By Christopher Coates, Secondary School Principal
The most effective way to improve the quality of a school is through the recruitment of outstanding teachers. Like all educational institutions, international schools strive to attract motivated teachers with strong subject knowledge who can relate to and engage with students. But finding teachers who are a ‘good fit’ for the international teaching scene can be challenging. Not all educators are prepared to move great distances from family and friends to continue in their profession. This is the trade-off that international teachers make - leaving their loved ones at home for an exciting personal and professional life abroad.
At TIS we are always striving to attract top teachers who welcome the idea of moving away from what is familiar and comfortable. We look for highly motivated professionals who want a stimulating international experience. These people are not easy to find, so we literally travel the globe to find educators in a very competitive recruiting environment. We are not just contending with other schools in Macau for top teaching talent - we are going ‘head to head’ with schools in Hong Kong, China, Thailand, Singapore, Korea, Japan, and even Europe. The international school world is geographically large, but in reality, quite small as a community. We work hard to compete with other top schools throughout the world to attract the best and the brightest to TIS.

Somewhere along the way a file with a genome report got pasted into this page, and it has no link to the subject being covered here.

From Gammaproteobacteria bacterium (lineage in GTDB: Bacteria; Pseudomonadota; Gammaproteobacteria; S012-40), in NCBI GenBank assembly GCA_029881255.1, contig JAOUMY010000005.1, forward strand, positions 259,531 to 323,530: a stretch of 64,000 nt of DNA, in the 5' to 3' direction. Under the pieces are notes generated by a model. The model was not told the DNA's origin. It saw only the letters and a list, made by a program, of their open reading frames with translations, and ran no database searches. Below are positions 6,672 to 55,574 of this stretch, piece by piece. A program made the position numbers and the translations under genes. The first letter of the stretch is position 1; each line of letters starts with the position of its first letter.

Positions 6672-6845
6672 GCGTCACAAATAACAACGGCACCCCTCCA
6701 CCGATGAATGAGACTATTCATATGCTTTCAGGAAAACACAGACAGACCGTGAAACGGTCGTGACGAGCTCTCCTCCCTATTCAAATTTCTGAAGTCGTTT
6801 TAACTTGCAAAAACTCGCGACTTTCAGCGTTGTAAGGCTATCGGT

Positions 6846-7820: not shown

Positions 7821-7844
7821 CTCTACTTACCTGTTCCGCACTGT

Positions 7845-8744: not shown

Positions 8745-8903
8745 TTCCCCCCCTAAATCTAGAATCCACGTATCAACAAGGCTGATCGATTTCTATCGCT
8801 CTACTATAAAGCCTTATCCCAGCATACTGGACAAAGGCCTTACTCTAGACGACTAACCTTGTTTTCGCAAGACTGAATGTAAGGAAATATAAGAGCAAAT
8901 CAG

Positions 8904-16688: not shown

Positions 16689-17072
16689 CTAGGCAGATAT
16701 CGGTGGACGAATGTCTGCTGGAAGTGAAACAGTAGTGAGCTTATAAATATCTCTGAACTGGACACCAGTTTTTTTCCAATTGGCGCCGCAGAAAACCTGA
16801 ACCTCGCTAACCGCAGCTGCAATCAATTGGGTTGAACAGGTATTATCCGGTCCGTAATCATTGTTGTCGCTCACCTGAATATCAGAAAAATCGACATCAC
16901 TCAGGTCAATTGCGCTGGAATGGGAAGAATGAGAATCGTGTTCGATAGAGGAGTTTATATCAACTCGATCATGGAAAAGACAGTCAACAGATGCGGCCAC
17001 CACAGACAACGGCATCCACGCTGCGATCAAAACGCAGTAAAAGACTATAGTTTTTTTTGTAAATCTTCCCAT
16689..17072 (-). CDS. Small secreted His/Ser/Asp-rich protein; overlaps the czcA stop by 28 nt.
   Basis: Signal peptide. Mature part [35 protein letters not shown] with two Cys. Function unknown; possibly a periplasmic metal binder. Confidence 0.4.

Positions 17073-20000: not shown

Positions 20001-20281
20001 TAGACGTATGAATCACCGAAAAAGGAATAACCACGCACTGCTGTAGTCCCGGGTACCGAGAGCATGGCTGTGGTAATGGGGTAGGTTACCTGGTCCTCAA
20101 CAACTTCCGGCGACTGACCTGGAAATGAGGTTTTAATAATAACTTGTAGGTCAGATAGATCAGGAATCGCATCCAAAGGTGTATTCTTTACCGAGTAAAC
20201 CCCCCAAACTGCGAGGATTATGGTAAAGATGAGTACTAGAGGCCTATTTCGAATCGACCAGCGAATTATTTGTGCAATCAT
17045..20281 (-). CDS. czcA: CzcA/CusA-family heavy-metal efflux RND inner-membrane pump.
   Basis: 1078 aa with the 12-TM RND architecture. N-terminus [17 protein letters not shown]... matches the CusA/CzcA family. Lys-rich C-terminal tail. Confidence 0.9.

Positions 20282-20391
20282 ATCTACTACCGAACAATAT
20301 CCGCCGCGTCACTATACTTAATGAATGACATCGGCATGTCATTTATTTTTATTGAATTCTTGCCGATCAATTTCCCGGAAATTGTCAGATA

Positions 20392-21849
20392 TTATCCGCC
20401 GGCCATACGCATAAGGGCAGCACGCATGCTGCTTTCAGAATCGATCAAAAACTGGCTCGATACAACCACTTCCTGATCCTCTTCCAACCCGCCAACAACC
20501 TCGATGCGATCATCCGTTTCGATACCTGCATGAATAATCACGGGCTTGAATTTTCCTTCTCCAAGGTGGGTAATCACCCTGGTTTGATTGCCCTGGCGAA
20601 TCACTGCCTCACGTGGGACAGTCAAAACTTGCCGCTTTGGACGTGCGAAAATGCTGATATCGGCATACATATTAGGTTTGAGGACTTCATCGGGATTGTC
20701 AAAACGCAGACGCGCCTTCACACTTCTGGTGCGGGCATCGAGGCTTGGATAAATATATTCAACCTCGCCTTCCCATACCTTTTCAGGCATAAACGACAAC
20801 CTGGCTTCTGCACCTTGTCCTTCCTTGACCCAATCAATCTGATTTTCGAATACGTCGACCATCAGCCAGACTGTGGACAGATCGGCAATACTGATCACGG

We are now in the midst of the recruiting season. We had twenty-seven (27) positions to fill when we first ventured out on the recruiting trail in December. Staff turnover is a normal part of international school life, as teachers choose to return home or move on to new and different international experiences. However, this year, many of these openings are due to the coming expansion in our Elementary School. To meet this challenge, our senior administrators have been to Calgary, Edmonton, Toronto, Kingston, Bangkok, and Hong Kong. We are very close to filling all of the open positions and extremely excited about our new recruits who will join the TIS family.
This is the time of year when I’m reminded that life in an international school is bittersweet. It is a fact of life that we say “goodbye” to wonderful friends and colleagues who make the difficult decision to leave TIS. Lifelong relationships are formed when we work closely together and support one another, so far from home. We can never replace these relationships, since each is in and of itself unique and special. But we do look forward to the new relationships yet to be formed when we meet our new friends and workmates in August. Such is the life of the international school teacher.